ITC Project

Project Summaries


Project 1 Summary

Project 1 assesses trajectories of the use of VNPs and their interactions with tobacco products, and, in collaboration with Project 3 (which assesses non-smoking youth) aims to evaluate how VNPs and smoked tobacco product regulatory policies differentially influence tobacco and nicotine use behaviors in three countries – the United States (US), England (EN), and Canada (CA), selected because they have similar smoking rates and share similar histories of cigarette product regulations but have divergent policies regulating VNPs. 
Project 1 has three specific aims:
1.  To describe how the patterns of VNP and cigarette use differ among smokers and recent ex-smokers both over time and between important sub-groups (e.g., age groups, gender, income, those planning to quit smoking, nicotine dependence level), in particular whether the interactions between VNP and cigarette use vary across the three countries. 
2.  To examine how differences in tobacco control and VNP policies between and within the US, EN, and CA are related to differences in the patterns of VNP and cigarette use.  In particular, when policies on VNPs and/or cigarettes change in a country, this study will evaluate how these policy changes impact the use of VNPs and cigarettes in comparison to countries where no policy change has occurred.
3.  To contribute new information on the methods for monitoring health behaviors such as VNP use by comparing characteristics of the online samples recruited in this study with samples collected by conventional survey methods (e.g., PATH Household survey and other national surveys in EN and CA); and to explore the extent to which the behavior of the self-identified early adopters of VNPs (i.e., regular users who have used VNPs for some years) can provide useful indications of the behavior of the broader sample of adult smokers and hence, the mainstream population.

Project 2 Summary

There is a large gap in understanding the functions of vaporized nicotine products (VNPs); i.e. what they do and what exposures they achieve with each episode of use, and the extent to which this might vary and thus average out over time. This project is designed to answer a broad set of questions about the evolution of the nicotine delivery marketplace in countries with differing policy frameworks towards VNPs.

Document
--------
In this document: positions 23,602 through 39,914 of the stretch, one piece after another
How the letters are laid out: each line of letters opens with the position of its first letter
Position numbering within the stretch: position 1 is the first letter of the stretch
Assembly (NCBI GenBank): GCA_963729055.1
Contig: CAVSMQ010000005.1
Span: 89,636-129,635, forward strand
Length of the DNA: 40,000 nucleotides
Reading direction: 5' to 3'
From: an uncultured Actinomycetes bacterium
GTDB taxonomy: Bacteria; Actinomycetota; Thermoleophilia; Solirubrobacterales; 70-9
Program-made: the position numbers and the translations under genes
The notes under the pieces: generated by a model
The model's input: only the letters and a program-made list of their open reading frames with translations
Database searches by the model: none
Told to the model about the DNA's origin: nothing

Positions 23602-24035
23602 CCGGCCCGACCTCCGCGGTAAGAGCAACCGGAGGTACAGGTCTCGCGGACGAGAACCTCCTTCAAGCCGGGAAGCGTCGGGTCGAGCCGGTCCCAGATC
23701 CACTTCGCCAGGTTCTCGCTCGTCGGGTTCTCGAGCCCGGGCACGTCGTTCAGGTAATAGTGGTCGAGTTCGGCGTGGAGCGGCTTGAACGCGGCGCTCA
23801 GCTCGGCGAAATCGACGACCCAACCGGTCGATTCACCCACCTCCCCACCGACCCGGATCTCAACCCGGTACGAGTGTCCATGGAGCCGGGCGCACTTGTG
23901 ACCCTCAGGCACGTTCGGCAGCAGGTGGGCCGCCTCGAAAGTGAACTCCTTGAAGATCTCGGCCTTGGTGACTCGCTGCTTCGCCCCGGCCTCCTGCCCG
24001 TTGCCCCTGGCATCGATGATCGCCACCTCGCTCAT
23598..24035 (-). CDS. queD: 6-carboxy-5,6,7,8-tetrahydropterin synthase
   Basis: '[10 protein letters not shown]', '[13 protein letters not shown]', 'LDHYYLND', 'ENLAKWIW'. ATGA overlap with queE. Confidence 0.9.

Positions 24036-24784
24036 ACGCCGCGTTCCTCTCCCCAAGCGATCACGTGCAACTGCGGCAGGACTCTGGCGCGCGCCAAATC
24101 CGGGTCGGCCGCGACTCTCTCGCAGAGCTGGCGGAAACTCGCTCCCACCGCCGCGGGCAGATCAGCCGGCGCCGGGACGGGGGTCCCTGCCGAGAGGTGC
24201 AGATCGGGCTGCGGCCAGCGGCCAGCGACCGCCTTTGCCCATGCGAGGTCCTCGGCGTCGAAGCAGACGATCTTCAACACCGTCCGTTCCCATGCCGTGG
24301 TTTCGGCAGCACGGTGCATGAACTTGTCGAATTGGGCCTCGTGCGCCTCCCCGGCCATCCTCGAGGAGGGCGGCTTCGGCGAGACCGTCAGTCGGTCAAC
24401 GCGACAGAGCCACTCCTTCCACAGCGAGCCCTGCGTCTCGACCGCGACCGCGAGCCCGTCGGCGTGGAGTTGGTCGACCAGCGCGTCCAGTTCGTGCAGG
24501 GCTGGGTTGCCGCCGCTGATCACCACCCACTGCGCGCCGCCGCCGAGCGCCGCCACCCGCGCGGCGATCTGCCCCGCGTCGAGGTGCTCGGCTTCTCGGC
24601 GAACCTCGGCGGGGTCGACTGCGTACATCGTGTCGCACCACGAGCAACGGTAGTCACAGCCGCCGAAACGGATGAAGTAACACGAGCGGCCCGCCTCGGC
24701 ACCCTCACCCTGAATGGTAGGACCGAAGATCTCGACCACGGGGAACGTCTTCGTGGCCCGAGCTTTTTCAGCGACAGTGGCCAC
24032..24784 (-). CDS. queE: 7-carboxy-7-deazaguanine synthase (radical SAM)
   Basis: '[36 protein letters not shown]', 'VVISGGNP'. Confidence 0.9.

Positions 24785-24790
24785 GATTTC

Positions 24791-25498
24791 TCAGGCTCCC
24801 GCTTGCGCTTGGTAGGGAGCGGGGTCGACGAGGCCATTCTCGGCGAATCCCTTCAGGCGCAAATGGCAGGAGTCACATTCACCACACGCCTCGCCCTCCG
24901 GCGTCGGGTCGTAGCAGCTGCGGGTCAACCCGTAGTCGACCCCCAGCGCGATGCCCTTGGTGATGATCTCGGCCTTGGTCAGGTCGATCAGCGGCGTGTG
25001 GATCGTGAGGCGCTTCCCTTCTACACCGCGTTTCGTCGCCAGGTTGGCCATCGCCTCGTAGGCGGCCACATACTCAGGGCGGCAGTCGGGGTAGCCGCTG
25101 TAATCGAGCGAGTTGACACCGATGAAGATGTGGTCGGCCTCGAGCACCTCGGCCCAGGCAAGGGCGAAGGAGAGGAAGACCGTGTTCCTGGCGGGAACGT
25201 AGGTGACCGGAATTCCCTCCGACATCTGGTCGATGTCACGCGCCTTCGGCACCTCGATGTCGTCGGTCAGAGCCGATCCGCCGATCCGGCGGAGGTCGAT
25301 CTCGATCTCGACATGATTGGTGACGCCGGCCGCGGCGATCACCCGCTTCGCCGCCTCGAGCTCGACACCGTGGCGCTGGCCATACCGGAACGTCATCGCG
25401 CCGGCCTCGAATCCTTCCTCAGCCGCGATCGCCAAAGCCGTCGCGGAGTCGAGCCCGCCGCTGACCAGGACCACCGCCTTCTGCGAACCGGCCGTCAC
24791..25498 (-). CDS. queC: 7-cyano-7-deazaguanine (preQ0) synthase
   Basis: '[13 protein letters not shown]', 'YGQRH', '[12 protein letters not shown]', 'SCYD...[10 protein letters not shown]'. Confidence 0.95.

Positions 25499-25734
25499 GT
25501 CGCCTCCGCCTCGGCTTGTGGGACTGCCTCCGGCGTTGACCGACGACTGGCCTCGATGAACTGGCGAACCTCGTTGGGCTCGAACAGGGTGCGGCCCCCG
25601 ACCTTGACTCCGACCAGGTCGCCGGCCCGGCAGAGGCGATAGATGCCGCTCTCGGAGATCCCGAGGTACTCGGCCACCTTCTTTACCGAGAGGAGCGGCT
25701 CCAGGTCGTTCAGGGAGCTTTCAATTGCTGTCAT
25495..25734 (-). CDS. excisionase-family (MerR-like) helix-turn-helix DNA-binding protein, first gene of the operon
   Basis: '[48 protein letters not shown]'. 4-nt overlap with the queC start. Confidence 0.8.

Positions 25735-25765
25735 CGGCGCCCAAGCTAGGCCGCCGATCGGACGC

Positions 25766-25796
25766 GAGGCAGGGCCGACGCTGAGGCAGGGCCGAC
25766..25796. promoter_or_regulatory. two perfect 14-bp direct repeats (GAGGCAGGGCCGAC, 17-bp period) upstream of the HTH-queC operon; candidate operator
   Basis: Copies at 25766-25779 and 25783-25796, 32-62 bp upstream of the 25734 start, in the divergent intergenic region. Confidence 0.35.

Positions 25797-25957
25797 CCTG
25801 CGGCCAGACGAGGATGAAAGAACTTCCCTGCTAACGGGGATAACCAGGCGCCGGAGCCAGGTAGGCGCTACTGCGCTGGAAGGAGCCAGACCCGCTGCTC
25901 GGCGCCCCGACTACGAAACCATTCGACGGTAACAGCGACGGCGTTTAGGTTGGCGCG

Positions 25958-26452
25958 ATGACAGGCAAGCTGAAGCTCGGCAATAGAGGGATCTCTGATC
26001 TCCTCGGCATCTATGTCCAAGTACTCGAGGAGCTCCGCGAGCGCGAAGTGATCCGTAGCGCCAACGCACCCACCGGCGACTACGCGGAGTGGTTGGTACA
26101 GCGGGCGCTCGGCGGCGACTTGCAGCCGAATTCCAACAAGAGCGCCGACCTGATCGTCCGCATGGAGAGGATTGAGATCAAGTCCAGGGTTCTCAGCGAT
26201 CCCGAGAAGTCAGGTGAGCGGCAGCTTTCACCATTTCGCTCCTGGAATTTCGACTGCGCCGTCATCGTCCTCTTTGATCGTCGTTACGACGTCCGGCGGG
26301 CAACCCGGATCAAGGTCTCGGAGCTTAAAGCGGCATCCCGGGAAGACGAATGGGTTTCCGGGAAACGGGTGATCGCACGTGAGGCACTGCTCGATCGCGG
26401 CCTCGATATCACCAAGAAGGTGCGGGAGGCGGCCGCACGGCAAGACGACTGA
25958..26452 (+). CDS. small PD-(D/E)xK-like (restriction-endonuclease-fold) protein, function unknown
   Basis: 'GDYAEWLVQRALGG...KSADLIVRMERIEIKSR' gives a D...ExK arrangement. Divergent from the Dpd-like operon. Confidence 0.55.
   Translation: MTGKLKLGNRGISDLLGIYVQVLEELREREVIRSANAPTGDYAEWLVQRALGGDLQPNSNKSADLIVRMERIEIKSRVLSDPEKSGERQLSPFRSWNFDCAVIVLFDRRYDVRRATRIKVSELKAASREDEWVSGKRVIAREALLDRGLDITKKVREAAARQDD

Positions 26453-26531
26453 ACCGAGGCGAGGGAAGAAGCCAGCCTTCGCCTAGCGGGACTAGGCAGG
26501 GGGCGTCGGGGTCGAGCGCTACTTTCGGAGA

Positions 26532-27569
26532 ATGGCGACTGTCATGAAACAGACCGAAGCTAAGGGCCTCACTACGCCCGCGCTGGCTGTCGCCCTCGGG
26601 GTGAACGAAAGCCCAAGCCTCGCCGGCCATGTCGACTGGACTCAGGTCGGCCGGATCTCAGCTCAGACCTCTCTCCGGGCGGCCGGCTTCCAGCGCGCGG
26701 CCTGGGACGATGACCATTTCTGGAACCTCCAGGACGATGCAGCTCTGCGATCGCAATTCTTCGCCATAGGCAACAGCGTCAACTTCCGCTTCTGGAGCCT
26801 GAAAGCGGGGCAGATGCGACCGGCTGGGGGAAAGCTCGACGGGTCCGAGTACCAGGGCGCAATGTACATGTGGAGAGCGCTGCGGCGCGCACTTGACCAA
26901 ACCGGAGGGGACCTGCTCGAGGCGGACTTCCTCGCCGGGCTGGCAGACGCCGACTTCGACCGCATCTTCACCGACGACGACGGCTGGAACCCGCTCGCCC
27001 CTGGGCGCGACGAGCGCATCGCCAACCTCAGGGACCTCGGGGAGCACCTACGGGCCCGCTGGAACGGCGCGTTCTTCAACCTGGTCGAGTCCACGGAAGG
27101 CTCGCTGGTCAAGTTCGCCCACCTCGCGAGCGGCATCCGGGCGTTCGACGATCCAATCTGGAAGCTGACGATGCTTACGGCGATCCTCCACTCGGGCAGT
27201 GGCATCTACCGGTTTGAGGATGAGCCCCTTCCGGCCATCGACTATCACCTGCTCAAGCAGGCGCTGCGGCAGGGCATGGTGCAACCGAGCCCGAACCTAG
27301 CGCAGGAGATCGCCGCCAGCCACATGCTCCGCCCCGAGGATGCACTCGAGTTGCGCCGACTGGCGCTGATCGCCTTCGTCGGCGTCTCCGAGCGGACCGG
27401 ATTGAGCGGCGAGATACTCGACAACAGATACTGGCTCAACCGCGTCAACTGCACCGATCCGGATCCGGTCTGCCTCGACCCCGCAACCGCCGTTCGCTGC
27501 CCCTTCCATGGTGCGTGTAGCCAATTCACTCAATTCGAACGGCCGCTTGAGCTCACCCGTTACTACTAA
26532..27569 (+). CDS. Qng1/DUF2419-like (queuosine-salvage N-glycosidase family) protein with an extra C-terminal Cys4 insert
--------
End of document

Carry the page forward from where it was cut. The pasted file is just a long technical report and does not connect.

Project 2 aims to answer three major questions: 
1. How does the policy environment in a country affect the mix of product types and brands (both VNPs such as e-cigarette and conventional cigarette) used most commonly? 
2. Does regulation of VNPs as a medicine versus recreational use affect VNP contents, labeling accuracy, nicotine emission and delivery, and unit variability?
3. Do product characteristics and/or brand preferences shift as VNP use changes with time?  Surveillance of product characteristics during the project period will allow the investigative team to elucidate the potential roles of consumer preference, regulation, and larger market dynamics (e.g., mergers and acquisitions) in changes to product performance and brand share. 

Project 3 Summary

Project 3 seeks to increase the understanding of the factors that predict VNP uptake among youth and to examine policy measures that may prevent uptake among non-smokers. Participants will be recruited through Neilsen’s consumer panel, using the same methodology across the three countries. Quotas will be used to recruit equal proportions of “never” smokers and “experimental” smokers in each country. After completing baseline survey measures, participants will be randomized to one of the following: 1) a discrete choice experiment; 2) an auction experiment; or, 3) a “no experiment” control condition. The discrete choice experiment and auction experiments will be used to assess the overall level of VNP demand for each participant, as well as to test how promotion and product attributes affect VNP demand. Due to the number of attributes that will be tested, the project will be conducted in two sequential studies, with separate cohorts used in each study. Study 1 (n=4,500 in each country) will examine the influence of five product attributes: product type, nicotine level, flavor, brand, and price. A separate cohort will be recruited using the same methods for Study 2 (n=4,500 in each country), which will examine the influence of three promotional attributes— advertisements, modified risk claims on packaging, and health warnings—in the context of price and product type. Analyses will consist of the following: 1) tests between countries to examine differences in VNP uptake between baseline and follow-up; 2) analysis of the discrete choice and auction experiments at baseline to estimate the effect of product and promotional attributes on consumer demand; 3) tests to examine which of the baseline measures is best able to predict individual-level VNP uptake at 12-month follow-up: measures of susceptibility assessed in the “no experiment” control group, or aggregate measures of demand from the discrete choice and auction studies. Overall, Project 3 would be the first to directly compare differences in VNP uptake among youth across countries. The project also has the potential to advance the methodological framework for predicting youth uptake and estimating the efficacy of policy measures prior to their implementation.